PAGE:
Bad light bulbs could make your room feel wrong. If your space feels dim, dull, or on the contrary, feels harsh and cold, your light fixture could be to blame.
We've provided a variety of methods to illuminate spaces efficiently, yet we've failed to tackle the most common mistakes that people make with light bulbs. For most homeowners, lighting rooms can be easy as simply installing an electric light fixture and turning the switch. However, not taking into consideration the lighting aspects could result in a waste of energy or lack of illumination where it's necessary. If your home's lighting is a bit "off," chances are you're making these basic mistakes.
Light bulbs are diverse in appearance, form factor, quality, design, the efficiency of use, material as well as safety and compatibility for specific purposes. There's an array of choices available for something you don't usually think about when everything is going smoothly. If things aren't working as they should, you might be doing your stuff in complete darkness.
Let's examine these elements and find out what you're not doing when buying light bulbs.
Types of Light Bulbs
We are aware of the light bulb’s characteristics that they were fragile, hot, and bright. Light bulbs, for most of their history, meant glass incandescent bulbs. They consumed so much power that they were frequently dubbed as "light bills." If you were paying your household's electric bill, you knew they were costly to run.
They were not very efficient in making electricity light and converted a significant amount of energy into heat instead. Then came better fluorescent bulbs, with their poor color rendering and the danger of breaking, and then the ridiculously expensive light-emitting diodes (LEDs). They include incandescent bulbs and CFL, compact fluorescent (CFL), and LED light bulbs to constitute the majority of bulbs that are used in homes.
LEDs remain the most expensive option although they've slowed down drastically over the last few years. However, LEDs are more economical than incandescent bulbs. They can also surpass CFLs in the second year of ownership.
So, before you purchase a new light bulb, ensure that you're not making these fatal mistakes within your home.
1. Improper Light Fixtures
Lighting fixtures that are not properly chosen can cause rooms to feel uncomfortable. One of the biggest mistakes that people make when choosing lighting fixtures is focusing on the aesthetics over the functionality and not taking into consideration the dimensions of the fixture against the dimensions of the room. Finding the ideal light fixture can be a daunting task, however, if you are well-prepared, you'll avoid a lot of time and frustration.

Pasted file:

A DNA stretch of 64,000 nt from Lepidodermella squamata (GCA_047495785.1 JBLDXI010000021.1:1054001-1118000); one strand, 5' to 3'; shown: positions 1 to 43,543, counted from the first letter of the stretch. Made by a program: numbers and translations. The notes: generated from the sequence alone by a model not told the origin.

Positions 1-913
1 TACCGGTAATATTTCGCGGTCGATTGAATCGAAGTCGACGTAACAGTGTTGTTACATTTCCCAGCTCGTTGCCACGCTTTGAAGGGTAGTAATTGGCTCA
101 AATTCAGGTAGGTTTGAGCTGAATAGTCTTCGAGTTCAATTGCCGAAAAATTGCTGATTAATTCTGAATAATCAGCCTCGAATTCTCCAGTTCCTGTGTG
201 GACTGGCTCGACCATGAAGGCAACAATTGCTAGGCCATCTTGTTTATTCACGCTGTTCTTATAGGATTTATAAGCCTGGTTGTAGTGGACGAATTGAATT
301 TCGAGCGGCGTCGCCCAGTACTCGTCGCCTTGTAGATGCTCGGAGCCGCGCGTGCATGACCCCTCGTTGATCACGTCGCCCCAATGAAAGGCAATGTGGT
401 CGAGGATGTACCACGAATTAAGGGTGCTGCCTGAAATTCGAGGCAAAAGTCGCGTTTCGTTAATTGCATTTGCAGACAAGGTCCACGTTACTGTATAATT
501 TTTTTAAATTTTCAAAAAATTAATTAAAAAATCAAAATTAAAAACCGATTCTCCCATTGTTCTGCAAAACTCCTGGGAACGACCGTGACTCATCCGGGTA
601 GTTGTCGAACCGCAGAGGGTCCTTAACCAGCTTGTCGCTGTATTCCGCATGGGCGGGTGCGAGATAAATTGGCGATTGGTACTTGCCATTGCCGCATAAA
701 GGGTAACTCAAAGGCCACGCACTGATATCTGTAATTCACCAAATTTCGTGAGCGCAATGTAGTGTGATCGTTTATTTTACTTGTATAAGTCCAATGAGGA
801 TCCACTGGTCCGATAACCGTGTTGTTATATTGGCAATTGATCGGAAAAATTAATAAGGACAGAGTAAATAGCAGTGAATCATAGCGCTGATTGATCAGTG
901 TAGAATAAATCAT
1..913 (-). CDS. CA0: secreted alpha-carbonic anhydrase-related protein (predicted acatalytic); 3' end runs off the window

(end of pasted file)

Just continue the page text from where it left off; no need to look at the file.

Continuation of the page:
Sometimes, the issue with your light bulb isn't actually the bulb itself but it's where you're putting it. The majority of us aren't well-versed in lighting practices however, we have a good understanding of what makes excellent lighting versus bad lighting. To get the most value out of your lighting experience, the trick is turning that intuitive sense into fixtures that are in the right spots as well as the correct light bulbs to fit into the right fixtures.
For instance, mixing different kinds of lighting like overhead, accent as well as task lights are highly recommended. It is also suggested to utilize under-cabinet lighting in kitchens. It offers task lighting as well as beautiful ambient lighting for the entire room but cautions against accentuating improper areas or shining the areas too brightly.
The solution is mixing the lighting so that you can get sufficient light that doesn't overwhelm the room.
2. Wrong Color Temperature Lights
The wrong hue of light bulbs could make rooms appear less appealing and dull. Color temperature refers to the warm and cool properties of light in relation to its color, which ranges from the warm orange glowing of candlelight to the brilliant blue sunlight. The majority of light bulbs have temperatures that range from 2700 K to 6500K.
Light bulbs closer to 2700K are warmer or have yellow-orange light while light bulbs which are cooler with white-blue light are closer to 6500K. The exact color temperature you want depends on several factors, such as your lighting application, room as well as the color of the walls. Learn about the options and be sure to select the appropriate lighting for your room.
If you're not aware that light bulbs come in a variety of colors, now is the perfect time to find out. Light bulbs are available in a range of lighting "temperatures" which are measured by Kelvins (K). The temperatures of the light bulbs you put in your room can significantly alter how your room is felt.
Warm (2,000K – 3500K)
Warm bulbs can give a space an inviting, warm, and intimate look with a yellow or orange shade. Outside, you'll see this kind of light in sunsets and sunrises. Inside your space, it's usually linked to vintage lighting bulbs, such as Edison light bulbs and incandescent lights. It's perfect for spaces such as the living room, bedroom, as well as dining rooms.
Cool/Natural (3500K – 5000K)
The cool or "Natural" lighting bulbs produce a more authentic white hue that creates a space with a fresh bright, fresh, and welcoming feeling. The light is similar to the kind you'd find at dawn and on afternoons outside. It's perfect to use in bathrooms, closets, and offices.
Daylight Light Bulbs (5000K – 6200K)
These light bulbs give off an illumination that's similar to the light you'd get out on a sunny day. The light from daytime makes rooms appear more fresh and sharp than natural light. However, it can turn out somewhat harsh if not cautious. It's an excellent choice for areas of work lighting, such as garages, and kitchens, or for task lighting like the reading lamp.